Most equestrians are not frequent stretchers. For me, this means after 20 years of saddle time, I have incredibly tight hips.
Kim Syma, co-owner of Revolution Studio, says anyone can benefit from yoga. She chose three poses that are especially beneficial for equestrians.
Before performing any of these poses, make sure you’re warmed up. If you’ve already ridden your horse, you are probably good to go. If you are getting ready to ride, take a quick jog around the barn or even carry a bag of grain up and down the aisle. You don’t want to injure yourself by stretching before your muscles are ready.
“The more you stretch and take care of your body, the longer you’ll be able to do equestrian sports and feel good while doing so,” says Syma. “It’s amazing what a little bit of yoga can do in your life.”
Exercise 1: Supta Baddha Konasana
“Supta Baddha Konasana is a restorative pose,” explains Syma. “This is one of my favorites. You can do this before or after a ride.”
Supta Baddha Konasana
For this pose, lie on your back with the soles of your feet together. Draw the soles of your feet toward your body so that your knees open out into a butterfly position.
If you feel resistance in your hips or groin area, Syma advises that yoga blocks will help you modify the pose. For many, blocks may be useful under the area between your mid-thigh and knee.
“Lie with your hands by your side, palms open, close your eyes and just hang out,” Syma says. “This is a great posture for your hips.”
Exercise 2: Thread the Needle
Thread the Needle is an excellent position to move into from Supta Baddha Konasana (Exercise 1) for a deeper stretch. To seamlessly move into thread the needle, remain on your back. You will stretch one side of your body at a time.
Thread the Needle
While on your back, place your right ankle on your left thigh, just above the knee. Draw your left knee up toward your chest, and loop your arms through the hole you created. Grab the back of your left thigh or left shin, and rest your head and shoulders on the ground.
“This is a great hip opener,” says Syma. “It’s gentle on the body.”
Exercise 3: Bound Angle Pose Baddha Konasana
Bound Angle Pose Baddha Konasana is a seated version of Supta Baddha Konasana.
“It’s great for stretching the inner thighs, groin and knees,” explains Syma.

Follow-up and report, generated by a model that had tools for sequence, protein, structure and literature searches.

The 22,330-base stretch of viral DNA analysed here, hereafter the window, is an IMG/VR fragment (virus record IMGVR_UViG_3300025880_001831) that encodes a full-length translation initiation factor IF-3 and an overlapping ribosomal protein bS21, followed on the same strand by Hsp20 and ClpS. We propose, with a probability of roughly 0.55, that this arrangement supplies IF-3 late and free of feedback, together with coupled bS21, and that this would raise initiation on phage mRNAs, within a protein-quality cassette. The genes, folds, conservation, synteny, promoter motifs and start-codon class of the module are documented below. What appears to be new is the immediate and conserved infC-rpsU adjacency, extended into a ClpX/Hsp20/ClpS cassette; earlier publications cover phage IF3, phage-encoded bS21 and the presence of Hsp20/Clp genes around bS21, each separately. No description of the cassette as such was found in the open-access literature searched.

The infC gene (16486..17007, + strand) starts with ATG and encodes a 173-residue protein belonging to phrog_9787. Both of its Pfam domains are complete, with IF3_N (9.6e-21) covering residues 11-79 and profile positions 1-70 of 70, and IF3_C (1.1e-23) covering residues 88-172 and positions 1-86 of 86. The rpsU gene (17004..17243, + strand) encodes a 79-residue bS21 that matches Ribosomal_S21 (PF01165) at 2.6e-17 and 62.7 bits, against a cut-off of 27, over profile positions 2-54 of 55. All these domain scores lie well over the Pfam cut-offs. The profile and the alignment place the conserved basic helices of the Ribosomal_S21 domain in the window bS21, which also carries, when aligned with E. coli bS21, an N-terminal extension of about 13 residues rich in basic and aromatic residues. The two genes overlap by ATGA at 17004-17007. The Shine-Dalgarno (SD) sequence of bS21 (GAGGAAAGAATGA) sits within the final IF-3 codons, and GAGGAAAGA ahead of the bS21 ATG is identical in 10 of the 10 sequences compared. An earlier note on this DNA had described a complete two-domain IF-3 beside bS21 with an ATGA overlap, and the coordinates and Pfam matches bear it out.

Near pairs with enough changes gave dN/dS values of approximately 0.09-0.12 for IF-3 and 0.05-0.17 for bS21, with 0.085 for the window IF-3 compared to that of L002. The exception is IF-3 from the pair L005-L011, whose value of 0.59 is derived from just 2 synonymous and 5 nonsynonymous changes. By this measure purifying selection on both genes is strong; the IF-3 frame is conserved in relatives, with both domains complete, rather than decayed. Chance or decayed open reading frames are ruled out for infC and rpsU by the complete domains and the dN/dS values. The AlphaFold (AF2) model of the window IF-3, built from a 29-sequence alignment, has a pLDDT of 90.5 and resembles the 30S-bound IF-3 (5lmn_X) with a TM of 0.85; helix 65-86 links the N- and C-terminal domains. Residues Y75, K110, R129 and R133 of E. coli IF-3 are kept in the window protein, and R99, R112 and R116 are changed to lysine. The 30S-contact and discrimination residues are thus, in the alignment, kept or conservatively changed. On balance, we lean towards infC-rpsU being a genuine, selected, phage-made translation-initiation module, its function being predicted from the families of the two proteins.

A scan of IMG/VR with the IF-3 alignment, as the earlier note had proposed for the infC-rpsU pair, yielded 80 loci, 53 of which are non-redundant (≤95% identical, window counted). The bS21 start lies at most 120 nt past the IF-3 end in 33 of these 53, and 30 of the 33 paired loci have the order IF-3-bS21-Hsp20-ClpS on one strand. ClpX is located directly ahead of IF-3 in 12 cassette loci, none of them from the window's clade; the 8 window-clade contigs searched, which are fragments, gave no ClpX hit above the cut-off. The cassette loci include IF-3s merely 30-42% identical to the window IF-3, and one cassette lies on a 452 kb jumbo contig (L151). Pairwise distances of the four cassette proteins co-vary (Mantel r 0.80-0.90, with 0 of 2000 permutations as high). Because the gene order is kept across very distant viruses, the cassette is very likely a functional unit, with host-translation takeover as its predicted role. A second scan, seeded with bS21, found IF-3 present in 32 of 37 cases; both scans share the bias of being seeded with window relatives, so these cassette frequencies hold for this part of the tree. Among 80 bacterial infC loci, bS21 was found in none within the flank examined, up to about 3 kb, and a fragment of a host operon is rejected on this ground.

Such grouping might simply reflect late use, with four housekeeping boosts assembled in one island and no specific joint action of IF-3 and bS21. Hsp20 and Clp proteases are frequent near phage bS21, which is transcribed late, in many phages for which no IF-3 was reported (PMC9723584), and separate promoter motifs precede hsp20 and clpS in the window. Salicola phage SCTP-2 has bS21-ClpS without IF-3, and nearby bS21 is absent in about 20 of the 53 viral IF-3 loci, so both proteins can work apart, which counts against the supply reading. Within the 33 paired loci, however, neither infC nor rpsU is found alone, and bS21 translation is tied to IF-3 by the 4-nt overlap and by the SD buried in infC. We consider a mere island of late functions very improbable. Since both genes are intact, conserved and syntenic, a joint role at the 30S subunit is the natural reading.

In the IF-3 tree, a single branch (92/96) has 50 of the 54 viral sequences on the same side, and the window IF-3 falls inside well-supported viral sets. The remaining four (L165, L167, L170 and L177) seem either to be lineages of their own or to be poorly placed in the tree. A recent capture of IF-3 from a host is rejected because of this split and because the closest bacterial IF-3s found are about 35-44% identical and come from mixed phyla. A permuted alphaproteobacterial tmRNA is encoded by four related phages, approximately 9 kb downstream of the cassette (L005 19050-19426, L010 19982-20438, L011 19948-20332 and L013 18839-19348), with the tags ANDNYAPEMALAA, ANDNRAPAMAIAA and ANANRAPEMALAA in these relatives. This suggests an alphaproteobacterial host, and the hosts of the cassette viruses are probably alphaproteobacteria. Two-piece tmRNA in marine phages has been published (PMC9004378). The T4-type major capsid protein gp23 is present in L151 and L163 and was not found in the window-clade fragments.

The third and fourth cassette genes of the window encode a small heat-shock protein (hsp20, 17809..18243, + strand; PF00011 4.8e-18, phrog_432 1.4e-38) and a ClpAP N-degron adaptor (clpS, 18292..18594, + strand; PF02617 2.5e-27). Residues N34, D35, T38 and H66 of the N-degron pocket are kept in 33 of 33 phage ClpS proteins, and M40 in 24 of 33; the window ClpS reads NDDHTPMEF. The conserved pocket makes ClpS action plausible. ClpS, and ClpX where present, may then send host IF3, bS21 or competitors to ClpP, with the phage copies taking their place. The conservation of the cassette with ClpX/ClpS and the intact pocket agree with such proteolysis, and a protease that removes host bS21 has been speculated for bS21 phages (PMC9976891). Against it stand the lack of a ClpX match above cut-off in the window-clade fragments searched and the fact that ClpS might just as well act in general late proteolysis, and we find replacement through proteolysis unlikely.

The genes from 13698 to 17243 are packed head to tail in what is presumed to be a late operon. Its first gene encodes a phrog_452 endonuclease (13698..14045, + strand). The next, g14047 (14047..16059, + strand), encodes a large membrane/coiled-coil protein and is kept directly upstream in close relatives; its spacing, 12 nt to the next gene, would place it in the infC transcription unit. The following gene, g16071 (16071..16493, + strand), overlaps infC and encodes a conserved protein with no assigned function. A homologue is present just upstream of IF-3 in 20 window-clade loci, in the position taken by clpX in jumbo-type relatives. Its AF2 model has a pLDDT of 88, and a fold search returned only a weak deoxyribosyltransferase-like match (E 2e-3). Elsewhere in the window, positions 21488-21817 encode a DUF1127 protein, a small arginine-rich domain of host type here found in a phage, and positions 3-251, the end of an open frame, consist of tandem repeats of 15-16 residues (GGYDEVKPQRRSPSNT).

Bound Angle Pose Baddha Kosasana
While sitting, bring the soles of your feet together with your knees out wide, and draw the soles of your feet toward your body. If your knees don’t rest on the floor, place blocks under them. Cup your hands around your two big toes to create a foundation for the pose, and use the strength of your arms to draw your chest down to the floor. If it isn’t possible to hold your toes, clasp both hands around your ankle or shin on one side at a time.
“Play around with the distance,” Syma suggests. “To make this pose less intense, you can start with your legs in a diamond shape with distance between your body and your heels. As you bring your heels in closer toward the groin, the stretch gets deeper and more intense in the hips and groin area. If your knees come up, use the strength of your arms and elbows to gently press the knees down toward the earth.”
Benefits of Stretching
The benefits of stretching are undeniable. Whether you bring just one or all three of these poses into your daily routine, a regular stretching regimen is essential for any athlete.
“There are two athletes involved in equestrian sport, the horse and the rider,” says Syma. “Two athletes are working in tandem. If one athlete is caring for the other without putting the same sense of time and care into his or her own body, the two athletes can’t perform to their highest potential.
“Yoga supports the energetic transfer between horse and rider, and one of the biggest ways you communicate is the energy you bring to your interaction with your horse,” says Syma.
Get more equestrian fitness resources at HorseChannel.com/FitRider.
Thanks to Centered Lexington for providing the location for our yoga poses. www.centeredlex.org.
Allison Griest is a freelance writer based in Texas. Follow Allison on Twitter @allisongriest.
This article originally appeared in the May 2016 issue of Horse Illustrated magazine. Click here to subscribe!